US watchdog the Federal Trade Commission (FTC) issued a report into the privacy practices of apps targeting children, noting that “our study shows that kids’ apps siphon an alarming amount of information from mobile devices without disclosing this fact to parents”.
In a statement, Jon Leibowitz, chairman, said: “While we think most companies have the best intentions when it comes protecting kids’ privacy, we haven’t seen any progress when it comes to making sure parents have the information they need to make informed choices about apps for their kids.”
Staff from the FTC examined “hundreds” of apps for children, and looked at the privacy information found in promotion pages in app stores, on developer websites, and within the app.
According to the report: “Most apps failed to provide any information about the data collected through the app, let alone the type of data collected, the purpose of the collection, and who would obtain access to the data.”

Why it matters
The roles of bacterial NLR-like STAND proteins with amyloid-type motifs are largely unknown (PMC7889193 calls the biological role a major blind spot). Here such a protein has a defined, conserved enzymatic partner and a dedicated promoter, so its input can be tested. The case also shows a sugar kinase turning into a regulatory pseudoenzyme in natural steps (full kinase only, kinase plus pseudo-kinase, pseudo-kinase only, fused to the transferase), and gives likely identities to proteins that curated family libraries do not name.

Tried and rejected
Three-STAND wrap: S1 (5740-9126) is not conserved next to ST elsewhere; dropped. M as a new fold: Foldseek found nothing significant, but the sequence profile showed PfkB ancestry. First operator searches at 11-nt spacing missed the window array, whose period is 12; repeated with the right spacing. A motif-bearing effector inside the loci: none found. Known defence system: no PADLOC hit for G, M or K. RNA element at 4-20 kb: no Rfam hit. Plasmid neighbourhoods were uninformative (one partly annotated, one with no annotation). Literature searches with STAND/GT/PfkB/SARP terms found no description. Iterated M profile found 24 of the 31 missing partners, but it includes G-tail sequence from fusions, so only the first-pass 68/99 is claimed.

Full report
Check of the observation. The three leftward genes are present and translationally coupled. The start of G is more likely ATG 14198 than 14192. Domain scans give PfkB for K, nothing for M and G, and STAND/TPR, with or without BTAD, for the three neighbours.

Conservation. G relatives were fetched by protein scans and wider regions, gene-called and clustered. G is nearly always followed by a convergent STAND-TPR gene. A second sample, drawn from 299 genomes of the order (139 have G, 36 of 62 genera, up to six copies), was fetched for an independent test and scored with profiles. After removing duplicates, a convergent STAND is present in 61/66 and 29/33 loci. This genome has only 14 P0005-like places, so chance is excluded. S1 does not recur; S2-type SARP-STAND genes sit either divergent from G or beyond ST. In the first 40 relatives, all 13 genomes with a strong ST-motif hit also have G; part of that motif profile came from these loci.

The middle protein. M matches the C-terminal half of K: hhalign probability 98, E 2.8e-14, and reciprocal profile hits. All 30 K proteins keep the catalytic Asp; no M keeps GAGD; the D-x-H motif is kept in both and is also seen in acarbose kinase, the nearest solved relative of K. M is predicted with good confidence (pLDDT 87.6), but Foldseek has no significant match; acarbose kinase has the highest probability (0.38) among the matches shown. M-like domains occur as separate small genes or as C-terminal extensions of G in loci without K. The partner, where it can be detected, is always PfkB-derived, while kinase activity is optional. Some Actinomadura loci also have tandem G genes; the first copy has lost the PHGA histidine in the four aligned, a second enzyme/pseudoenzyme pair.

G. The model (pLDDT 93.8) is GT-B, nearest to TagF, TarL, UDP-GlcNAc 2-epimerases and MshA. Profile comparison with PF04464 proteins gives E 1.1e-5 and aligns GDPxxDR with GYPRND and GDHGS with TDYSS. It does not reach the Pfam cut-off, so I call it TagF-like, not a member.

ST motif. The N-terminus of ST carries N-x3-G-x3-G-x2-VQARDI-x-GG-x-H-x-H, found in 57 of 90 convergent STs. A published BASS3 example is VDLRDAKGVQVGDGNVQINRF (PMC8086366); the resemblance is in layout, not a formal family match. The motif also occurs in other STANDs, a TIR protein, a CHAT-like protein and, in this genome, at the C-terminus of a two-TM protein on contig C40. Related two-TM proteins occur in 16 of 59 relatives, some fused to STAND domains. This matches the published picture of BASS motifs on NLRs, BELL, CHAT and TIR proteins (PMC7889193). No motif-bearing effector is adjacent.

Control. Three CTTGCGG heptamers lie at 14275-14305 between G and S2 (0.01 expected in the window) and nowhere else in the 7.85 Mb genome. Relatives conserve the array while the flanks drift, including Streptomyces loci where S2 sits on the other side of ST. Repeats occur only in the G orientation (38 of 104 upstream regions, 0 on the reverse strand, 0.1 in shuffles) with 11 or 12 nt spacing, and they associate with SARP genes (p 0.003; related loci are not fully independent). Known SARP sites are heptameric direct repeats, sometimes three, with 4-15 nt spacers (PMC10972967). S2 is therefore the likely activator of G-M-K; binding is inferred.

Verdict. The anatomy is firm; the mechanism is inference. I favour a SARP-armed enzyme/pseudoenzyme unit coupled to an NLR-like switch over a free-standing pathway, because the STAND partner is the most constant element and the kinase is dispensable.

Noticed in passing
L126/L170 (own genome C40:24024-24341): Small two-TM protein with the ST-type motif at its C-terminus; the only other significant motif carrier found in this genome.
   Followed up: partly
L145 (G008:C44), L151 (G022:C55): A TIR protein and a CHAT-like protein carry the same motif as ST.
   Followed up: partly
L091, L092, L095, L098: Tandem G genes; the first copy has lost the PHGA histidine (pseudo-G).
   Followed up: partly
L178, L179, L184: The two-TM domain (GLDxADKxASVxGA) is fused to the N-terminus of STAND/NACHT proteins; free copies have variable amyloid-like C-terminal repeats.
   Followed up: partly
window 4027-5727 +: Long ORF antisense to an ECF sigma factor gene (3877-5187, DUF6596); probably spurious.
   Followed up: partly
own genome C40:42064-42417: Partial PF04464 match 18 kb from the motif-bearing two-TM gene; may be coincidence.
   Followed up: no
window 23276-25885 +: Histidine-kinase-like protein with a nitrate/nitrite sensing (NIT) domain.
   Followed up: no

It was found that many apps shared information with third parties which included device ID, geolocation or phone number – without disclosing this to parents.
A number of apps also contained features such as advertising, the ability to make in-app purchases, and links to social media – again, without parents being informed prior to download.
According to the research, only 20 percent of the apps reviewed disclosed any information about app privacy practices, while nearly 60 percent transmit information back to the app developer, or, “more commonly, to an advertising network, analytics company, or other third party”.
It was also noted that a “relatively small number of third parties received information from a large number of apps” – meaning that these players could “potentially develop detailed profiles of the children based on their behaviour in different apps”.
The report, Mobile apps for kids: disclosures still not making the grade, is available here.